Ophite: Gnosis, editorial
It starts with Kobra: what if he were not insane? Not to say his faith is real necessarily, but it would be no weirder than any actual one and better-researched than most fictional ones. And his “cult” would be tied to real-world politics and would have at least some curb appeal.
This is a weird comic to write – at first, I wasn’t sure whether it would work at all, and now it’s working so well that I can’t imagine not doing more of them. Unlike the other titles, the protagonist resists access, even to me as the writer – there are a few things I really didn’t want to do (see), but I didn’t find what to do until the second script was done, so this story saw a lot of revision on the fly. Now I feel as if I know him very, very well, but that doesn’t mean I want to display much per story.
The core information scheduled for the second story include that he was imprisoned at age 15, “tried as an adult,” for a somewhat dubious assault charge (just a teen scuffle), then some years into his sentence, killed a guard, which mandates execution in California. He was on Death Row for over ten years, during which he met Phyllida Pierce and began his cult/politics, and then he was executed at age 30, in 2006 which happens to be the real-life year of the last execution in the state. Both the event with the guard and the unusual outcome of the attempted execution have a lot to do with his super-powers.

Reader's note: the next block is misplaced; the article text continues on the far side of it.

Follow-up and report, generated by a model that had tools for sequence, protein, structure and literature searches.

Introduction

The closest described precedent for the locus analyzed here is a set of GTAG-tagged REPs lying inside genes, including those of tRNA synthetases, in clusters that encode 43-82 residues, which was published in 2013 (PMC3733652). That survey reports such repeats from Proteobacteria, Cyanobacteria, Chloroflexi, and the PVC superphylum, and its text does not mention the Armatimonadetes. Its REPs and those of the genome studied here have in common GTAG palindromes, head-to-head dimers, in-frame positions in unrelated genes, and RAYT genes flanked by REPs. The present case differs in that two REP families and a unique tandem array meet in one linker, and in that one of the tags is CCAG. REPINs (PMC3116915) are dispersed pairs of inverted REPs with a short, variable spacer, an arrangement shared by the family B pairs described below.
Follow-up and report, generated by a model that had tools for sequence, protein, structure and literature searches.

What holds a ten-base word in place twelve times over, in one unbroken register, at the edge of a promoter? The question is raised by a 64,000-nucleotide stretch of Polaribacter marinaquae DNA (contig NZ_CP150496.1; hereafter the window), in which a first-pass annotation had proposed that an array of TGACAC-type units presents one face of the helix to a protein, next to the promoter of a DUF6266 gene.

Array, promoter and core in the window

From my concept-file notes:
Who is the Ophite? As a character, he’s starting pretty sketchy. I don’t mind that – the idea is to discover the character through moments of adversity and decision, as we go. He’s Jerrod Towns, a California black man about 40 years old, therefore born into the War on Drugs at its inflection point. His entire life, including extended family and community, has been framed by police, arrest, detention, the legal system, and prison. He is incredibly hardened, invulnerable to influence or coercion of any kind – not because he’s armored in the “hurting inside” sense, but through genuine strength and knowledge. Discovering more about him as a person is part of the point of the stories, but I can tell you what he’s not: an entertaining celebrity, a Magical Negro, a reassuring upscale assimilationist, a grateful recipient of white understanding, or a stereotyped roided-out jailhouse thug from cable TV. Age this guy to about 40, beef him up a little, and while keeping that hair, tilt the look toward seriousness rather than glamour. He’s thoughtful, present, unafraid, uncompromising, and impossible to shuffle off into the “tragic victim” and “angry, why are you so angry” boxes.
Some other interesting points include that he’s untouched by the common media-entertainment memes concerning black comportment and has never developed the reassuring/fun persona which serves as a professional survival technique. So both his seriousness and his humor are entirely individualized, which I intend to be thoroughly challenging to everyone.
There’s a lot going on in the potential stories for the series, much of it traceable to issues I’ve written about before:
- cult leader, inner circle interdependency
- that the “followers” often take the lead
- activism vs. spiritualism
- that the Ophitic freedom from God’s prison (especially death) is analogized with justice reform and the abolition of prisons